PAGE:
Format

Send to

Choose Destination
See comment in PubMed Commons below
J Clin Invest. 1994 Mar;93(3):1257-65.

Neutrophil recruitment in Clostridium difficile toxin A enteritis in the rabbit.

Author information

1
Section of Gastroenterology, Boston University School of Medicine, Massachusetts 02118.

Abstract

Neutrophil infiltration is a prominent feature of Clostridium difficile-associated enteritis and colitis. The aim of this study was to examine the importance of neutrophil recruitment and neutrophil-mediated tissue damage in C. difficile toxin A-induced enteritis. Competitive binding experiments using purified 3H-toxin A demonstrated the presence of a single class of medium affinity receptors on rabbit neutrophils (Kd 7 x 10(-8) M). Pertussis toxin and the nonhydrolyzable GTP analog GTPgamma S both inhibited 3H-toxin A binding (by 56 and 65%, respectively), indicating that the rabbit neutrophil toxin A receptor is G protein linked. Toxin A elicited a dose-dependent (25-200 micrograms/ml) stimulation of neutrophil migration in vitro, and this functional effect was also pertussis toxin sensitive (69% inhibition). Treatment of neutrophils with R15.7, a blocking monoclonal antibody to the leuocyte adhesion molecule CD18, inhibited toxin A-stimulated neutrophil migration by 85% in vitro. Pretreatment of rabbits with R15.7 also prevented neutrophil infiltration of toxin A-exposed ileal loops in vivo as determined by histologic examination and by ileal tissue myeloperoxidase levels. Furthermore, R15.7 effected a substantial inhibition of fluid secretion (by 65%), mannitol permeability (by 66%), and histologic damage in toxin A-exposed ileal loops. Anti-CD18 (R15.7) had no inhibitory effect on cholera toxin enterotoxicity. These data demonstrate that C. difficile toxin A is a proinflammatory toxin whose enterotoxic effects are substantially dependent upon neutrophil recruitment.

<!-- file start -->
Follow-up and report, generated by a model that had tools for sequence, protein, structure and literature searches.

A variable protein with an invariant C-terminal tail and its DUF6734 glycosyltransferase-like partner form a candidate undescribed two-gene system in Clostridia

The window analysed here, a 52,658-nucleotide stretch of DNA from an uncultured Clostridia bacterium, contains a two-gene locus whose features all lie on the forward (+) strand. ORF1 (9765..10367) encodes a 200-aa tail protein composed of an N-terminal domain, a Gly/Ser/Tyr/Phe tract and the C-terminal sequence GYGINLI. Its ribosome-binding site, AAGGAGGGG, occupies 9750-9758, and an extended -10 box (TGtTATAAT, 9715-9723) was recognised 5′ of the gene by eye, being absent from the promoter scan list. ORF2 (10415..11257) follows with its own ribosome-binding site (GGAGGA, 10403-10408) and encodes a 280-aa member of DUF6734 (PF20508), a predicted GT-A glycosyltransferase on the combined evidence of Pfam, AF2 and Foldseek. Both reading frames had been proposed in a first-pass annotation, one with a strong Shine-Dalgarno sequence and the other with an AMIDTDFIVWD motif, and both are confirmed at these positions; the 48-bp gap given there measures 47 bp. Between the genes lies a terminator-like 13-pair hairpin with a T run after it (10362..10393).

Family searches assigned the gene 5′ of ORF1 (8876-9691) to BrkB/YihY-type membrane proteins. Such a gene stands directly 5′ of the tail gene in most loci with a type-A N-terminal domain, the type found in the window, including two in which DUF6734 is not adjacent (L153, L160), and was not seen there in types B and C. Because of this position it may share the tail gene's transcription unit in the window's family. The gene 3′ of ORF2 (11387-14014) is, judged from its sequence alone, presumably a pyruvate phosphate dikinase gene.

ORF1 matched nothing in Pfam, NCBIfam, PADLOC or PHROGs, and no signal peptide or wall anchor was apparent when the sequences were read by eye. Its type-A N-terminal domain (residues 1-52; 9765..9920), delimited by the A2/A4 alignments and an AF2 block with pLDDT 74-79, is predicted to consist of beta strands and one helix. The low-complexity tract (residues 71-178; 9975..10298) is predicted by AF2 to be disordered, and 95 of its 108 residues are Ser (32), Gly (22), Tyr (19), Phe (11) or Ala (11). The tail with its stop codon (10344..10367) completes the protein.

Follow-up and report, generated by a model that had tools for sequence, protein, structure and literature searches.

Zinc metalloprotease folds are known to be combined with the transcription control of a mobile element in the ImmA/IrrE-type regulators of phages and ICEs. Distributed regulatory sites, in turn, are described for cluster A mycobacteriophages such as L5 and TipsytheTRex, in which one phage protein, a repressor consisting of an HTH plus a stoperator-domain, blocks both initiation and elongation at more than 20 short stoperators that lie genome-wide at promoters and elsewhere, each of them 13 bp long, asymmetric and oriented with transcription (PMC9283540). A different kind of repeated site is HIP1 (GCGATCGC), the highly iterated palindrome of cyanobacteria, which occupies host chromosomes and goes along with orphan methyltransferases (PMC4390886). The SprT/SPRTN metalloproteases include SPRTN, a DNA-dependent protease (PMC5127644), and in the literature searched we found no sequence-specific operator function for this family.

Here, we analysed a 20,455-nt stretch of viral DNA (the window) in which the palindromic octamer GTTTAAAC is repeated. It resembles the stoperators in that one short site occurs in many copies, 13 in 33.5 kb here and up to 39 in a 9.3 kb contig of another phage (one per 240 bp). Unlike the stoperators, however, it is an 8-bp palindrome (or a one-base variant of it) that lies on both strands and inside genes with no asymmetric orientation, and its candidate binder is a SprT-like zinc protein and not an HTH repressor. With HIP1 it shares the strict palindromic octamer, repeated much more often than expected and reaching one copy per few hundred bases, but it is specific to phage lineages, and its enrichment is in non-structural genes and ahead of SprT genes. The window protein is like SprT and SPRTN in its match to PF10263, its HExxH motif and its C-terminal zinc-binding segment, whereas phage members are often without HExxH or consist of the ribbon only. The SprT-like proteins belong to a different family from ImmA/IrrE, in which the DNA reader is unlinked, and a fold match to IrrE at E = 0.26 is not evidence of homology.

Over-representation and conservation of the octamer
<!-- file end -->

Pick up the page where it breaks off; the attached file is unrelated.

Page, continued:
PMID:
7907603
PMCID:
PMC294078
DOI:
10.1172/JCI117080
[Indexed for MEDLINE]
Free PMC Article
PubMed Commons home

PubMed Commons

0 comments
How to join PubMed Commons

    Supplemental Content

    Full text links

    Icon for American Society for Clinical Investigation Icon for PubMed Central
    Loading ...
    Support Center